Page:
Tag: evaluation

Is Your Search Making You Feel Ill?

Today’s New York Times has an interesting article about a recent research study by Microsoft on the prevalence of Cyberchondria. That’s when searching the internet for your symptoms leads you to believe you’ve got a terrible medical condition. As the article notes: They found that Web searches for things like headache and chest pain were […]

Evaluating Articles – You Already Know How to Do This!

Evaluating what you read is an important skill you have to demonstrate as a learner. In some courses you may even have to turn in an evaluation of an article as a course assignment. Are you worried about what you’re expected to say? Feel you’ve never evaluated an article before? It’s not that hard. In […]

The Web’s Getting a Little (mis)Dated

When the web first became a household word in the 1990s, dates weren’t all that important. The web was so new that everything on it must be new, too. Early in the 2000s dates weren’t all that important, either. Old sites looked, well, old fashioned. It was easy to pick out a website that had […]

Read This Before Clicking FORWARD on that Email!

A recent article from the BBC News stated: “The internet needs a way to help people separate rumour from real science…” I have a strong doubt we will ever achieve an ideal, factual Internet, so in the meantime we’ll need to continue to use critical thought and evaluative skills to ensure the information we come […]

Is that article really an article?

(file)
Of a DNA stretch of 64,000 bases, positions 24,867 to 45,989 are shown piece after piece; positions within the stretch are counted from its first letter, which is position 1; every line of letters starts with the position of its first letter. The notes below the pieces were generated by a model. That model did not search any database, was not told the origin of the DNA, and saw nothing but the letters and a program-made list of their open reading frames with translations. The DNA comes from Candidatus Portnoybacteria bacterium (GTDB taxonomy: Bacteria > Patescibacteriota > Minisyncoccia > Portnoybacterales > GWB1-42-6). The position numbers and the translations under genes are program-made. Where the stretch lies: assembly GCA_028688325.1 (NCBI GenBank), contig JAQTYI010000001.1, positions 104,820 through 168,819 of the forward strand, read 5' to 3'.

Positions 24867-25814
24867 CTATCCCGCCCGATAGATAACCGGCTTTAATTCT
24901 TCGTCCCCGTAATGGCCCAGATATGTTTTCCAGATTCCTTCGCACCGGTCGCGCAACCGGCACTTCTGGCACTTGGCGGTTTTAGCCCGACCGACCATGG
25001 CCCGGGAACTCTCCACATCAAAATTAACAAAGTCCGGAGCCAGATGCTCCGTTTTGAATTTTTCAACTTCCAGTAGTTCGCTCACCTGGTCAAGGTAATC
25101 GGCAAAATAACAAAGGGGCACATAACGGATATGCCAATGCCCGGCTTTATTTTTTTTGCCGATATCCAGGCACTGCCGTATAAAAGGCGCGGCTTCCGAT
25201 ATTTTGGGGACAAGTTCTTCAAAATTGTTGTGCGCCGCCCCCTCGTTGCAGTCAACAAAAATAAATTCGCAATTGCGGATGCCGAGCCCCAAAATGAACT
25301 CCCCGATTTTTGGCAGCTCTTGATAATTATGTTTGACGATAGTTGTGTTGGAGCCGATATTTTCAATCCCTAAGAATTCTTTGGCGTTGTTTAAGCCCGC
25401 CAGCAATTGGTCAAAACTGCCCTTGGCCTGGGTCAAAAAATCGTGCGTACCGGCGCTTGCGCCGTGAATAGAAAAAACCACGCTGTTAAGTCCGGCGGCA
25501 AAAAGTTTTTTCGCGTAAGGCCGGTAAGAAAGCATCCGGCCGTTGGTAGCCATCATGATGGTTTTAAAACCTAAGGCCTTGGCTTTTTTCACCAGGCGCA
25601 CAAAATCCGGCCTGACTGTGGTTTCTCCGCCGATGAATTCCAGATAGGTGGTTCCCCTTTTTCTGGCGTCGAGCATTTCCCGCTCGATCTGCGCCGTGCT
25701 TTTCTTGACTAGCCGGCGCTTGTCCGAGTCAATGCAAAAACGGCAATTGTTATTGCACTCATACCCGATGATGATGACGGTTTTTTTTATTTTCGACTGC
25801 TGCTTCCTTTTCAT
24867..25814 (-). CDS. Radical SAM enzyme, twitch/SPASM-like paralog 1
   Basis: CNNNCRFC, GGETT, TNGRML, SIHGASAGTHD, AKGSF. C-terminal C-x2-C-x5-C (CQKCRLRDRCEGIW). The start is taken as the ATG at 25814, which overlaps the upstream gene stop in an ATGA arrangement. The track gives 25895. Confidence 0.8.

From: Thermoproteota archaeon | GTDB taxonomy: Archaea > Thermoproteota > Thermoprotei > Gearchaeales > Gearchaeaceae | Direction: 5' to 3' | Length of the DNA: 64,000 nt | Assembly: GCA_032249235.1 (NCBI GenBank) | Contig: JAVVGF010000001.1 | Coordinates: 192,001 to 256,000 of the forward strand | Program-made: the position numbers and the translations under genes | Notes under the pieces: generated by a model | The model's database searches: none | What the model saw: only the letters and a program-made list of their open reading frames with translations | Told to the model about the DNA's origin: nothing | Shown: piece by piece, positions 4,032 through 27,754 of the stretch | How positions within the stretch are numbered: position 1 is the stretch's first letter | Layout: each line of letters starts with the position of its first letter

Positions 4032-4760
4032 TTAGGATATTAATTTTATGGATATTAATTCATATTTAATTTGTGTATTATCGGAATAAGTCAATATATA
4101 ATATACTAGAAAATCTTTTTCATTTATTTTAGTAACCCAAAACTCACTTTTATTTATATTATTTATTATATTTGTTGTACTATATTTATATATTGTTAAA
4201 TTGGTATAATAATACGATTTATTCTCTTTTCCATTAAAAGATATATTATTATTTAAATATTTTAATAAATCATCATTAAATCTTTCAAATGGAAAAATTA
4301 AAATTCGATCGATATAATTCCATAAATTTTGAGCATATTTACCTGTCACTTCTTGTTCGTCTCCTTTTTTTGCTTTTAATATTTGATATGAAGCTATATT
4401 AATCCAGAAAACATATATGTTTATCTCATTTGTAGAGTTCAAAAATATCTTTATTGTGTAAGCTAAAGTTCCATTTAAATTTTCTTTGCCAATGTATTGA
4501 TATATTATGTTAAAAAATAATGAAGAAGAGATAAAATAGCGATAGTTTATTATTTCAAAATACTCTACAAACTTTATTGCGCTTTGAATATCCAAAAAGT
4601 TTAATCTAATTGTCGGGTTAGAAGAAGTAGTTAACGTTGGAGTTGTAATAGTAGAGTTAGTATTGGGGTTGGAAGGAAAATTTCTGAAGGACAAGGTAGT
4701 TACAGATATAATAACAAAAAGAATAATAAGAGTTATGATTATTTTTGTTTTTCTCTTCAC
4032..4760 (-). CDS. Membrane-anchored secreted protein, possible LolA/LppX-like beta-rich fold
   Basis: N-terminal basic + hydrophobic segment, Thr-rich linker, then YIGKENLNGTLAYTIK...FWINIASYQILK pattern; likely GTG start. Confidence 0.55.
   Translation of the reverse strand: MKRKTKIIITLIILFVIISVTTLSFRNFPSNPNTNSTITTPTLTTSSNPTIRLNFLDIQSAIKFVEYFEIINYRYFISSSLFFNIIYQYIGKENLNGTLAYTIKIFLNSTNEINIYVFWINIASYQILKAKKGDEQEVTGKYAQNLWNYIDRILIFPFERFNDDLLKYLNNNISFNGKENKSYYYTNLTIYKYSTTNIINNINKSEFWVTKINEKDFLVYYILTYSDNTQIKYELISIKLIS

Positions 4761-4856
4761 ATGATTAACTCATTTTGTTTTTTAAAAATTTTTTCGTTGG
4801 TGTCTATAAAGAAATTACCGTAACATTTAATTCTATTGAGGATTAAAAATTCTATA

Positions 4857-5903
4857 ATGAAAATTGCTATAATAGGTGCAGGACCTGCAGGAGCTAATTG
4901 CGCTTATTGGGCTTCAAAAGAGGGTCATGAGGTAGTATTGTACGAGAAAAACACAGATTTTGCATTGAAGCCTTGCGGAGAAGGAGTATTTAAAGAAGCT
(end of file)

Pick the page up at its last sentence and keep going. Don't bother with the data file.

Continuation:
A lot of learners start their research on the web, perhaps with a search engine such as Google. Type in just about any topic and you’re sure to get hundreds, if not thousands, of results. But how good are those results? With most search results you are taken to a web page full of links, […]

Checkbox = Peer Review?

Some eagle-eyed First Course learners remarked that PsychARTICLES and the Sage databases don’t have a scholarly articles limiter checkbox. (For some background on this option, see our media piece: What are Peer Reviewed Articles and How Do I Find Them?) The reason that Sage and PsycARTICLES don’t have the checkbox is that their material is […]

Why would a librarian suggest Wikipedia?

One of the first steps in research is determining what you don’t know, so you can fill those holes with what you find. You start with an idea for a topic, pick your keywords and search strategy, and then begin searching in a database or library catalog. But it isn’t always that smooth a process. […]

“Written by experts” – Always an interesting phrase. What does it mean?

In a University setting we tend to define expertise according to scholarly credentials, research and publishing experience. To find experts, we can simply go to the library, look for peer reviewed articles, see who cites who and use our subject knowledge to evaluate accordingly. On the wider Internet, however, expertise isn’t so clear-cut. There have […]

From Blog to Research Article (and novels are good for you)

Whenever I or the other Capella librarians bring up web resources such as blogs, learners will often respond with the question: “How can I use those in my papers? They’re not scholarly sources.” That’s a great question. Blog posts aren’t peer-reviewed journal articles. Many of them are hardly more than a paragraph or two. They […]

Is the Web Nothing But Google and Wikipedia?

According to Hitwise, Google recently hit a new high in terms of search engine traffic. In May 2008 over 68% of all searches in the United States were done using Google. Yahoo placed a very distant second with just under 20%. Frequent users of Google have probably noticed that at the top of nearly every […]